Please don't doubt for a second that there's a calculated method to Democratic Party Chairman Terry McAuliffe's madness in ruthlessly attacking President Bush at his party's summer meeting in Las Vegas. He's sending up trial balloons.
The Democratic Party is testing out various claims, from the ridiculous to the outrageous, to see what may fly in the 2002 and 2004 campaigns. The party can't credibly claim that McAuliffe is a maverick out there on his own. He admitted he had vetted the speech with Senate Majority Leader Tom Daschle, House Minority Leader Dick Gephardt and, you guessed it: former President Bill Clinton. And as far as I know, not one Democratic heavyweight has done the honorable thing and denounced McAuliffe for his remarks. The Democrats will stoop as low as they have to -- and as they believe they can get away with -- to unseat congressional Republicans and recapture the White House.
McAuliffe said that Bush had mismanaged the economy, tilted the White House to help corporate interests and cynically made 9/11 the cornerstone of the Republican 2002 election strategy.
Cynical? There is nothing cynical, much less wrong with Republicans campaigning on Bush's adroit handling of the war on terrorism. It would be foolish and irresponsible for them not to. The Republicans, by touting Bush's war performance, aren't politicizing the war. But Democrats, by seeking to stall the inevitable military campaign against Iraq are -- and that's inexcusable.
I'll tell you what
is cynical. The Democrats have been lying in wait since shortly after Sept. 11 to rake Bush over the coals on every conceivable issue, including his prosecution of the war, whenever the political landscape would permit it. As time has passed they've grown increasingly emboldened to oppose him outright, while pretending all this time to have supported him.
But even now they're being careful in how they frame their assaults on Bush's war effort. Instead of saying he blew it in Afghanistan by not killing Osama bin Laden -- though a few, such as Senator Kerry are saying that -- they are trying to commingle domestic and foreign policy issues, in order to taint Mr. Bush's war record with our economic problems.
McAuliffe, referring to the supposed bipartisan unity following Sept. 11, said that Bush had wasted "an extraordinary opportunity" to take the nation through difficult times. "George Bush squandered our trust, he ignored the mandate, and he wasted the opportunity."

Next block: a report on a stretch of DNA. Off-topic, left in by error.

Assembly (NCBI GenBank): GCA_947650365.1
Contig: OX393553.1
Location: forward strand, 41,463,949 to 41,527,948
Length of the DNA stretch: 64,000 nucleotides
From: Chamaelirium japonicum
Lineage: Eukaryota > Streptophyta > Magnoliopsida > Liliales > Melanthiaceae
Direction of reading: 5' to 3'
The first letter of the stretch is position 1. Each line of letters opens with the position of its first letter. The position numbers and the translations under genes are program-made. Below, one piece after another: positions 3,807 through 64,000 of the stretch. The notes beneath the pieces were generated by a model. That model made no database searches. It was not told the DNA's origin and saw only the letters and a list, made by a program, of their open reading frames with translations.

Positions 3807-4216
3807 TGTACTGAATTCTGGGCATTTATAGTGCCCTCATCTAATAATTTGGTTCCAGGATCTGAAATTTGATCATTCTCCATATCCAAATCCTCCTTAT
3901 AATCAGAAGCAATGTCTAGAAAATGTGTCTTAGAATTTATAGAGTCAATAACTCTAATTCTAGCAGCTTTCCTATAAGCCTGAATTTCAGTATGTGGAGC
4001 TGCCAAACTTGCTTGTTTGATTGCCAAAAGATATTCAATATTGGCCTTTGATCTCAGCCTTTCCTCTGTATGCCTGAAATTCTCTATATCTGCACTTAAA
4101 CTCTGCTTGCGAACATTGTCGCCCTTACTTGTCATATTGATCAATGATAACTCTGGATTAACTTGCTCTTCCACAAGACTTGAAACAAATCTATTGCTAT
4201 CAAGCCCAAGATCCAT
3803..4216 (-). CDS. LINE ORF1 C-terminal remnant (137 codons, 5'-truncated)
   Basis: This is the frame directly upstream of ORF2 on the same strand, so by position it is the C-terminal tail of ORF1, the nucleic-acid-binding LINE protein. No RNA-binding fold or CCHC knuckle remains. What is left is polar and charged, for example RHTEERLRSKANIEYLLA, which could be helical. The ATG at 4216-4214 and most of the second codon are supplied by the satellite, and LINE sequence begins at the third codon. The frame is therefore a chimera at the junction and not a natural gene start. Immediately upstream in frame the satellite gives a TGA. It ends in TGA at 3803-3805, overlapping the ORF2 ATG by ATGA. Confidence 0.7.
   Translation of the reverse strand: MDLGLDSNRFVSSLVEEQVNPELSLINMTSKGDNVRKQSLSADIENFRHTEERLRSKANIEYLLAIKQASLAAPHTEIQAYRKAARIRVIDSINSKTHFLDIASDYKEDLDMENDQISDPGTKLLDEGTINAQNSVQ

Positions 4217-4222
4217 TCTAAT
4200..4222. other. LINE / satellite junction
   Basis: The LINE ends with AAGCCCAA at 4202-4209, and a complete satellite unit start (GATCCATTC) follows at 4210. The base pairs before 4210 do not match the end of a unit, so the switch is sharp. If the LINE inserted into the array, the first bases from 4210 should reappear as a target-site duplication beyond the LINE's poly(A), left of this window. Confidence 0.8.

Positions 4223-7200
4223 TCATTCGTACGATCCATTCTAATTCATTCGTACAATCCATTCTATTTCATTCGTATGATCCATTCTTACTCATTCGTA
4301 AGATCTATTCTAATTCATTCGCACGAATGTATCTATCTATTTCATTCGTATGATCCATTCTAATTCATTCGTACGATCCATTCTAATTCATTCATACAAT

This is quite clever, but abundantly disingenuous. McAuliffe is saying that Bush has blown it as a war leader because he could have used his political capital as a war president to remedy our economic woes. Nonsense. The Democrats opposed Bush's domestic agenda every step of the way. And they fought most vigorously against the proposals that had the best chance of stimulating economic growth: tax cuts.
But attacking Bush on both the domestic and foreign policy fronts was still not enough for McAuliffe since he knows that Bush's popularity is mostly based on the public's enormous trust in his integrity and confidence in his leadership. So to diminish the people's faith in Bush's character would be an even greater coup. That's why McAuliffe stuck the knife in further. Bush's "own past," said McAuliffe, "leaves him unable to lead on this issue (corporate reform). How can he restore confidence to Wall Street when he has engaged in the same practices he condemns today?" It just doesn't matter to this white-collar thug and rhetorical hitman that nothing he said about Bush is true.
There's more. Next, McAuliffe had the effrontery to chide the Bush administration for being "adrift, with polling numbers as their only compass and high approval ratings as their only destination." Coming from one of Bill Clinton's closest confidantes, this statement's chutzpah speaks for itself.
McAuliffe's hysterical invective shows how desperate the national Democratic Party is in the face of Bush's continued popularity, despite the cratering stock market and with a war on Iraq about to begin.
Being bankrupt of constructive ideas themselves on the economy (these are the people who even oppose tax cuts during a recession) and more so on foreign policy, their only strategy to regain power is to escalate their signature politics of personal destruction. So, they'll continue with these trial balloons of slander against Bush, Cheney and evil corporate Republicans in general until something works and they are restored to power. But this time, it's not going to work.